• Search Google Scholar
    • Export Citation
  • 6.

    Kozma, G. ; et al. Experimental validation of the Burgio-Rojac model of planetary ball milling by the length control of multiwall carbon nanotubes. Carbon 2016, 105, 615621.

    • Crossref
    • Search Google Scholar
    • Export Citation
  • 7.

    Magini, M. ; Iasonna, A. ; Padella, F. Ball milling: an experimental support to the energy transfer evaluated by the collision model. Scripta Mater. 1996, 43(1), 1319.

    • Crossref
    • Search Google Scholar
    • Export Citation
  • 8.

    Siddheswaran, R. ; Šutta, P. ; Novák, P. ; Netrvalová, M. ; Hendrych, A. ; Životský, O. In-situ X-ray diffraction studies and magneto-optic Kerr effect on RF sputtered thin films of BaTiO3 and Co, Nb co-doped BaTiO3 . Ceramics Int. 2016, 42(3), 38823887.

    • Crossref
    • Search Google Scholar
    • Export Citation
  • 9.

    Sun, Q. ; Gu, Q. ; Zhu, K. ; Jin, R. ; Liu, J. ; Wang, J. ; Qiu, J. Crystalline Structure, Defect Chemistry and Room Temperature Colossal Permittivity of Nd-doped Barium Titanate. Sci. Rep. 2017, 7, 42274–42274.

    • Search Google Scholar
    • Export Citation
  • 10.

    Jain, P. K. ; Kumar, D. ; Kumar, A. ; Kaur, D. Structural, optical and dielectric properties of ZnTiO3 ceramics. Optoelectronics Adv. Mater. 2010, 4(3), 299304.

    • Search Google Scholar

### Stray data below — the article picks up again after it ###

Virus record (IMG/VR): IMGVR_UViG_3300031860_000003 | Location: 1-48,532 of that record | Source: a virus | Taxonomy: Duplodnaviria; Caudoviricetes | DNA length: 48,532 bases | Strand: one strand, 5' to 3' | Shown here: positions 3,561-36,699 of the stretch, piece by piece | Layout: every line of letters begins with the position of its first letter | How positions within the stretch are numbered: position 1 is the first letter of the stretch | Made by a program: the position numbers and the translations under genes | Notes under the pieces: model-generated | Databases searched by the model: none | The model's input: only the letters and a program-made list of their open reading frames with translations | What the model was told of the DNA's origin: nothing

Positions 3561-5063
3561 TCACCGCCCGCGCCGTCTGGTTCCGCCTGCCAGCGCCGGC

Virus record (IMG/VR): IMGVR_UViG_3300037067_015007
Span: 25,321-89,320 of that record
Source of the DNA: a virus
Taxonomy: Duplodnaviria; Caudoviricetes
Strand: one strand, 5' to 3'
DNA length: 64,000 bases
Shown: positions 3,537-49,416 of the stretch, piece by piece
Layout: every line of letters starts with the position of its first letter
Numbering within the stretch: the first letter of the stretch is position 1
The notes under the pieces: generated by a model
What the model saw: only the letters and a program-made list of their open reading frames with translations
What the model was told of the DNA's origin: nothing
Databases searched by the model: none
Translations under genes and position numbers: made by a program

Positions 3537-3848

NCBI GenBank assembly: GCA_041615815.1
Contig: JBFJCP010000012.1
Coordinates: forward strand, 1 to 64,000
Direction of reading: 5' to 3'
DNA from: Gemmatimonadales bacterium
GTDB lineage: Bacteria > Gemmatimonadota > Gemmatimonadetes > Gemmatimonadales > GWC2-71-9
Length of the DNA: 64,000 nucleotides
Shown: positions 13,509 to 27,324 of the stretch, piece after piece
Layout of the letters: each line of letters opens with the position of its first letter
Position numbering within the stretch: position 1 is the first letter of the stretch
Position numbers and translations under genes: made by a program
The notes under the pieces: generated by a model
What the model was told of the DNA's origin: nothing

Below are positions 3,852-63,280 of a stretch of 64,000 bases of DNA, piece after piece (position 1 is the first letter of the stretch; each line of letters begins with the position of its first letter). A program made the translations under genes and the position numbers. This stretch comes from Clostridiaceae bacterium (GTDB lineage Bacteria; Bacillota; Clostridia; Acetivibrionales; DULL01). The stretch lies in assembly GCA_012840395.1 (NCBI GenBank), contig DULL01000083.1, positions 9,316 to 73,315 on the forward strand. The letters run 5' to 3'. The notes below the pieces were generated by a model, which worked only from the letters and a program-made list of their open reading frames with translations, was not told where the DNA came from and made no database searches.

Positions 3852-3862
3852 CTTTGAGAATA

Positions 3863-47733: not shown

• Export Citation

 

 

Author Guidelines are available in PDF format.
An Article Template can be downloaded from HERE.

 

 

Senior editors

Editor(s)-in-Chief: Béla Pécz

Managing Editor(s): Katalin Balázsi

Co-Editor-in-Chief: Rafal Dunin-Borkowski
(for theory and microscopy techniques)

Co-Editor-in-Chief: Pavel Hozak
(for biomedical sciences)

Editorial Board

  • Filippo Giannazzo - Consiglio Nazionale delle Ricerche (CNR), Institute for Microelectronics and Microsystems (IMM), Catania, Italy
  • Werner Grogger - FELMI, Graz University of Technology, Graz, Austria
  • János Lábár - Institute of Technical Physics and Materials Science, Centre for Energy Research, Hungary
  • Erik Manders - Faculty of Science, SILS, University of Amsterdam, Amsterdam, The Netherlands
  • Ohad Medalia - Department of Biochemistry, Zürich University, Zürich, Switzerland
  • Péter Németh - Institute for Geological and Geochemical Research, Budapest, Hungary